Rep. Maxine Waters disparaged the House ethics committee for deciding Friday to postpone a trial on allegations she violated the chambers rules, accusing the panel of delaying the proceedings in an attempt to bolster its case against her.
The Committee on Standards of Official Conduct announced Friday it would indefinitely postpone the ethics trial set for Nov. 29 citing a need to review additional evidence in the case. It is not clear what that evidence is.
If this evidence is so damning, the Committee should present its case before the public, as we asked them to do when I first learned of their desire to postpone the hearing, the California Democrat said in a statement. Apparently the Committee now recognizes, as I have maintained, that there was no benefit, no improper action, no failure to disclose, no one influenced, and there is no case.
An ethics investigative subcommittee charged Waters in August with violating the chambers rules, alleging that her chief of staff, Mikael Moore, tried to secure federal support for a bank in which Waters and her husband held hundreds of thousands of dollars worth of stock. Waters has disputed allegations of wrongdoing by her office.
Waters indicated that the committee received the new evidence Oct. 29, but the document in question does not provide any new significant information, she said.
In fact, the document shows that my office was working to ensure that Emergency Economic Stabilization Act assisted small and minority institutions, she said. The document does not reflect any action on behalf of any specific company.
Although the Committee continues to insist that the small bank language was drafted to benefit only one institution, the facts do not support that assertion; in fact, the documentary record directly contradicts it, Waters added.
Waters also accused the ethics committee of violating its own rules, asserting the panel may not amend the Statement of Alleged Violation, the formal document use to charge House lawmakers with rules violations, that the committee issued against her in August.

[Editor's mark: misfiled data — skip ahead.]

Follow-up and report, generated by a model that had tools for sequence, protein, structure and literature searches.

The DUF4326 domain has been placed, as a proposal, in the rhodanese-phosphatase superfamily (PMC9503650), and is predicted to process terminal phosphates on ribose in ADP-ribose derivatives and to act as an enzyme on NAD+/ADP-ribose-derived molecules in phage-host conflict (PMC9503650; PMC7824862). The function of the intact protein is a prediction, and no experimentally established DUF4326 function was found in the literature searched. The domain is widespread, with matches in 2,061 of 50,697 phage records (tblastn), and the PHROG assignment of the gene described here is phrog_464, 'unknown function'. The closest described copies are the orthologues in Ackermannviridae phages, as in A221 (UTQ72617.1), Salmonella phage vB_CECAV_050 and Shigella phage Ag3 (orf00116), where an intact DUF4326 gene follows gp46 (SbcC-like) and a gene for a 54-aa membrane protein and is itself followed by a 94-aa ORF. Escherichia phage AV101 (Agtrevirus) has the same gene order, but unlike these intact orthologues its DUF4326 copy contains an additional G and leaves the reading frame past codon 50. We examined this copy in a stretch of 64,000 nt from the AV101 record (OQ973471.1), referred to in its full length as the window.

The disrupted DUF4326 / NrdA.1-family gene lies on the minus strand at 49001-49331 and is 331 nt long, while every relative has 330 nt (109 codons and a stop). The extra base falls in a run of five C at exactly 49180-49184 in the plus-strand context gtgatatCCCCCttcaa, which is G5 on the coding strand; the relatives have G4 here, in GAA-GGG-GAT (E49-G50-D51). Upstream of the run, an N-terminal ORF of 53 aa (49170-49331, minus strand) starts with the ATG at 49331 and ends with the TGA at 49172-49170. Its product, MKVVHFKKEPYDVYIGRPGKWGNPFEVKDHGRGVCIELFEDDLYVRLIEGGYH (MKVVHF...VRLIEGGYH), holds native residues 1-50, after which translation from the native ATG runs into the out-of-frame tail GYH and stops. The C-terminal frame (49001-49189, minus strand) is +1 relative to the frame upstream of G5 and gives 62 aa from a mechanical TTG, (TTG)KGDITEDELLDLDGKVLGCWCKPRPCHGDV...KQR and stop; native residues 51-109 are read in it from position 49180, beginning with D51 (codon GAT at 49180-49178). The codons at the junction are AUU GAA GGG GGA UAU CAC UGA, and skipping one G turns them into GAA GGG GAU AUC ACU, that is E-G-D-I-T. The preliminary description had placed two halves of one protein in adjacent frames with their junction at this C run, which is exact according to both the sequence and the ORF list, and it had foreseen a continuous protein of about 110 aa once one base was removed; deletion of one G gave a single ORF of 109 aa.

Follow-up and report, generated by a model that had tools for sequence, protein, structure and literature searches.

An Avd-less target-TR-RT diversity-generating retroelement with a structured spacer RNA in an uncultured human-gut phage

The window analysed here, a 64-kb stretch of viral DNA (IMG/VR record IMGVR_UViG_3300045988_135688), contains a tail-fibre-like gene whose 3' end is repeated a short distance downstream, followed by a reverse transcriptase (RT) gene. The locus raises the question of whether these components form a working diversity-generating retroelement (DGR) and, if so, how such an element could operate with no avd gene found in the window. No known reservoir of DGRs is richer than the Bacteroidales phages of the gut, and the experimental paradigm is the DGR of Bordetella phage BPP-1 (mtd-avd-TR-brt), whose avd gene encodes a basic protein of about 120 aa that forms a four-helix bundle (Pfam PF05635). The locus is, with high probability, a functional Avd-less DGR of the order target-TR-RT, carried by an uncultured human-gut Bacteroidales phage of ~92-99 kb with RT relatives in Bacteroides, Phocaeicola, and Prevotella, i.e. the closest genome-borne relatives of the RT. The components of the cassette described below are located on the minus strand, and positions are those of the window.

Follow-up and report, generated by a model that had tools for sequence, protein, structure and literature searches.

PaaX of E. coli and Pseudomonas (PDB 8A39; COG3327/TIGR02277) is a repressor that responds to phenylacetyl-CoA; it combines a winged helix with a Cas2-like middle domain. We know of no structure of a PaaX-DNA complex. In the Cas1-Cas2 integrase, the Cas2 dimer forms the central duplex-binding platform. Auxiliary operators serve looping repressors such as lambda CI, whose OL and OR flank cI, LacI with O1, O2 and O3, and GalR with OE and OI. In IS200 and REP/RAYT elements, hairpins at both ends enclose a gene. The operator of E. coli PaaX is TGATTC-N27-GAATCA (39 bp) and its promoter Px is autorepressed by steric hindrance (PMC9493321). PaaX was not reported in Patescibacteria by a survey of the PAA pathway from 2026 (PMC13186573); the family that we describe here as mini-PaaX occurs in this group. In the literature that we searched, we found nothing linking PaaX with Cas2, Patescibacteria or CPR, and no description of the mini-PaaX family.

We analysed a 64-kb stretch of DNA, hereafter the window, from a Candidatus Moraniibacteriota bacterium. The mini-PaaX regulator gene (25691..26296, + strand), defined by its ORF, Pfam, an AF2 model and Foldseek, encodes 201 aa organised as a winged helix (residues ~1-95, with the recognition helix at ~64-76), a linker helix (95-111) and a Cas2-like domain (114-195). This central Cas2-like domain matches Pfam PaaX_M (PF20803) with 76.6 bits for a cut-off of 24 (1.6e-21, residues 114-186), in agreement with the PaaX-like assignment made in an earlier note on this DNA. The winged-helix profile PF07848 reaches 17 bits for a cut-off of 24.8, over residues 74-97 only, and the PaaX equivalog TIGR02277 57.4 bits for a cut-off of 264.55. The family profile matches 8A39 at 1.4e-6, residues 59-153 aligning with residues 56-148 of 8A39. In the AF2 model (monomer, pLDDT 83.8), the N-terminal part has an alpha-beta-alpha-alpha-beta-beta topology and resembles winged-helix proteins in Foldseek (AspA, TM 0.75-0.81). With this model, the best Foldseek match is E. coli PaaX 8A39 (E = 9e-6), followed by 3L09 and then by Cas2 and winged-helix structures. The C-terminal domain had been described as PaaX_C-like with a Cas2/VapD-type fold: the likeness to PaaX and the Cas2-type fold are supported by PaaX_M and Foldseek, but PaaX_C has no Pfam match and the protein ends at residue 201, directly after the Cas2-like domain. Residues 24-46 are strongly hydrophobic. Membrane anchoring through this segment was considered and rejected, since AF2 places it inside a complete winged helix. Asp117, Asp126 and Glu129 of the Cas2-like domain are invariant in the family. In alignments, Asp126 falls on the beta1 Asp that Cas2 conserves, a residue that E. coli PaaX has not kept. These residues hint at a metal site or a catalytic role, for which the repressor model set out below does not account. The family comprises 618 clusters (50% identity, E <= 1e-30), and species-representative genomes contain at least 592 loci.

There is no provision or authority for the Committee to take this action, but the same body which is charged with interpreting the rules now seems to be guilty of making them up as it goes along, Waters said. Neither the letter sent to me nor the statement on the Committee website cites any rule or clear rationale for this decision.
In its announcement, the ethics committee noted that the adjudicatory panel, to be headed by ethics Chairwoman Zoe Lofgren (D-Calif.) and Rep. Jo Bonner (R-Ala.), no longer has jurisdiction to hear the charges. It is unclear if the ethics panel will attempt to schedule a new hearing before the 111th Congress adjourns.
The House is scheduled to reconvene in December for a one-week session. If the ethics committee does not complete its work in the case, the panel could vote in the 112th Congress to reconvene the investigative panel.
On January 3, Sen. Kirsten Gillibrand, D-N.Y., raises her right hand as her son Henry messes up her hair while Vice President Joseph R. Biden Jr., delivers the ceremonial swearing-in in the Old Senate Chamber. Gillibrand's other son Theodore, lower right, looks on.
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